But when it comes to stats, the crux of the matter for me is simple and can be expressed in three simple words: confusion, frustration and resignation. Confusion because there appears to be no rhyme or reason as to the ‘what, when, where or how’ when stats are brought into the equation. Frustration because my dashboard on WordPress thinks it’s a good idea to push my limited stats at me every chance it gets. And also because I take time to craft a post for it to fall flat on its face having had a mere 10-20 views if I’m lucky. Resignation because I have decided to go with the flow based on the social media conversations I have seen and blog posts I have read and try and ignore the ‘S’ word. I have come to the conclusion that it just makes sense to ignore the stats at my stage. I had found myself getting quite hung up on stats because my site produces them and because of the numbers of hits other blogs seem to get. Now, before anyone decides to remind me, I know I have only been blogging for five months, which is nothing. But it was so easy to get sucked in by stats: more hits per post, more followers on the blog (I think a lot of my followers are bots, but I’m not sure), more comments (good or bad!), more retweets, etcetera, etcetera. I started out wanting a readership and, truthfully, I still would like a bigger readership than I have. After all, I am publishing in a public arena. So I read other blogs to see what they were doing. I too wanted the streams of comments that follow their posts. That engagement seemed like a true mark of blogging success to me! Maybe I could emulate them? But, no. I want my voice, not someone else’s. So, now that I have read the glut of posts and conversations about stats, what I’m going to do is stop stressing about something which appears to be mainly out of my control and a bit hit and miss to say the least. I don’t want someone else’s voice or ideas, I want to publish my ideas in my voice so that when Fidget & Little Man read the blog, they will be reading my words, written by me in my style for them.

The Newbie Blogger Versus Blogging Stats

What I regularly do now is remind myself that I was creating this for my little family and myself, not to break any records or win any awards. However, I am sure more readers will come in time. It may be a slow organic growth, but what it will be is a slow organic growth based on my blogging premise and style.

Therefore, my advice to new bloggers like myself would be as follows:

 

1) Stay true to the premise of your blog. Don’t lose sight of your reason for blogging. (Because of my stats, I’ve already questioned my premise a dozen times, at least.)
2) Whether your post has 1 reader or 1000, don’t let the stats stand in your way. Because even if you have 1000 readers for one post but only 900 for the next, the only thing a dip in your stats is going to do is create a negative space in your head. And no matter what anyone says it’s human nature, or perhaps creative ego, to want to know what went wrong. But it should never be the main focus.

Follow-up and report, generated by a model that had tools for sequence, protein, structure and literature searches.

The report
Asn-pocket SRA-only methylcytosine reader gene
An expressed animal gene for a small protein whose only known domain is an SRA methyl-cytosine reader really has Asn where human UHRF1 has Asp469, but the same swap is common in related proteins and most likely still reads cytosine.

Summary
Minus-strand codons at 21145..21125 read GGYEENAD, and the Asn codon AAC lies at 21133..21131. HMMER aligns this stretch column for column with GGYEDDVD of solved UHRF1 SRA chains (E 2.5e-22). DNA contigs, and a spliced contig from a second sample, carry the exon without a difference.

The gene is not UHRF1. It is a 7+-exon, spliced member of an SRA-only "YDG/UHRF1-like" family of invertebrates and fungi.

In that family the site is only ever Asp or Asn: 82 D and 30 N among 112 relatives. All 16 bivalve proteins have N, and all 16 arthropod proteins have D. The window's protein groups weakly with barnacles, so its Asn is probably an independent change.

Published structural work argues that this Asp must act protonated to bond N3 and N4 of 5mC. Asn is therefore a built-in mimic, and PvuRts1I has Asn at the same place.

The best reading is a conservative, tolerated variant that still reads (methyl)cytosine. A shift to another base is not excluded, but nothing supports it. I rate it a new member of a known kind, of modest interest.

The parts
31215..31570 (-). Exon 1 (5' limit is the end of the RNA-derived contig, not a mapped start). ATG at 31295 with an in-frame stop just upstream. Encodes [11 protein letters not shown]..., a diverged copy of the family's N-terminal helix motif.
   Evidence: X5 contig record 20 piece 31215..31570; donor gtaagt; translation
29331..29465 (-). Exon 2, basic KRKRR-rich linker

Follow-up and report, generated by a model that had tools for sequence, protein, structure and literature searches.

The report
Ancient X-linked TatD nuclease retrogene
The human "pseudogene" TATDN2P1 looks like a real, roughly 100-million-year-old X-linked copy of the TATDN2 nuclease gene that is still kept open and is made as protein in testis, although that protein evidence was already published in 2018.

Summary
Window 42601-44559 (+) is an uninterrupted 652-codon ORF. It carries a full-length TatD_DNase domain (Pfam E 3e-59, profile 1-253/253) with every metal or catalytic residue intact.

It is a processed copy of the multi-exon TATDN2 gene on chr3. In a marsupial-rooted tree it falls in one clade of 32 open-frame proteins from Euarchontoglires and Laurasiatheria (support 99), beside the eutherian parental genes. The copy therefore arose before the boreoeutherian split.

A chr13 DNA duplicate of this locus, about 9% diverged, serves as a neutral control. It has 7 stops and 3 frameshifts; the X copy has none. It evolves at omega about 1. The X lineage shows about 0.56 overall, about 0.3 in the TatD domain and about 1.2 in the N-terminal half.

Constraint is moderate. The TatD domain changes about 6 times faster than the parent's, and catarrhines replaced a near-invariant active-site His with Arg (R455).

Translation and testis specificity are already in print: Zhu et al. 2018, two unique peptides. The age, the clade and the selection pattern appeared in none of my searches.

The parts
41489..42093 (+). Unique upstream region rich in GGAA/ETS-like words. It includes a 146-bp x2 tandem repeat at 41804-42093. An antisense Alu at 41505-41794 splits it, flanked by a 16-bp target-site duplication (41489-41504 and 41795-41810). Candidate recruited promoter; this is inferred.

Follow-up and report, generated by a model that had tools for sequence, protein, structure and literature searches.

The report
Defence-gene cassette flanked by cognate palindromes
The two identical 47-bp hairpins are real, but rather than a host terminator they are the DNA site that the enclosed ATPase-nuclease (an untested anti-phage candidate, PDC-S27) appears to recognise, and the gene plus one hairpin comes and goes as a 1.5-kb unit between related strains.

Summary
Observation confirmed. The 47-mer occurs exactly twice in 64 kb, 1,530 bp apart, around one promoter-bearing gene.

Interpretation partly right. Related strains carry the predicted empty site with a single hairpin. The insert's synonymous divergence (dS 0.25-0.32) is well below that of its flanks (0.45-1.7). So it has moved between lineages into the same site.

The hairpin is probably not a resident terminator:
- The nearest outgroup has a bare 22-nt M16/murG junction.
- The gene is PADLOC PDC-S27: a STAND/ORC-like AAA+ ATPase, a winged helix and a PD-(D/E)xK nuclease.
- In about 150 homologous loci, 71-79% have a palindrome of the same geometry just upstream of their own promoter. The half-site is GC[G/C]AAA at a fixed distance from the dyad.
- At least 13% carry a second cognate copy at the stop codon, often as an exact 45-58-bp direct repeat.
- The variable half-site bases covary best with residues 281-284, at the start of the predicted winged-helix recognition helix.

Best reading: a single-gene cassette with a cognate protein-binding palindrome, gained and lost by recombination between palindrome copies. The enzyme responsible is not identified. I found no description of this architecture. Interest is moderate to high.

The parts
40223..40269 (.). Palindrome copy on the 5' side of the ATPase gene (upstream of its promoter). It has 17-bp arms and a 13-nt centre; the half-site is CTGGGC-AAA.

3) Enhance your own voice, by all means, but don’t try to copy the voice of others you think are more successful than you. Our blog is called Tales of Two Children for a reason. It’s about our kids and our family life with a creative writing element woven in. It’s made up of our tales and our stories, no one else’s. Therefore, for good or bad, it’s my voice in my words.
4) Be happy with and enjoy what you do. Happiness and enjoyment tend to be infectious, and that will come across in your writing.
5) Don’t worry about what other people think, just keep blogging. Just five months in and my most viewed post has 58 views. And I hear some bloggers debating whether 250–500 views or better should be higher considering they have been blogging for ‘X’ amount of time. I can understand this question; we all ask it about lots of different things. But there is no fixed formula, no universal growth pattern to apply. Companies I have worked for stress about social media stats, even when there is no real guideline to say ‘you should be here after this amount of time’. It is what it is and, hopefully, down the line, more because of what your posts make it. From now on I will be turning a deaf ear to the stat monster … just so long as my low stats aren’t an anomaly! (Please tell me you all started low!)
6) Stats are not the be all and end all of blogging. The main thing that stood out reading the comments that followed some established bloggers’ posts was how regularly the comment feedback emphasised a positive emotional value for the reader. As far as I’m concerned that type of feedback should be every bloggers goal and the only statistic that really matters, be it via one comment or two dozen, it tells you more than a mere number of hits ever will. The bottom line is, stats don’t tell you everything.

So with this in mind, what I am going to do is put my newbie blog into gear, slip the handbrake and continue in a forward direction. If I happen to pick up a convoy of readers along the way then fine. If it ends up that only a handful of followers continue to read my posts, but in the future the blog puts a smile on the faces of my kids, then that’s all good too. Forgive me for extending the driving metaphor a little farther, but I have come to the conclusion that blogging is an ongoing journey and that for the newbie blogger stats are just dead end streets off the main road, and I, for one, am not going to pull over.

This newbie blogger with his inexperienced opinion is now driving off into the sunset. Thanks for reading.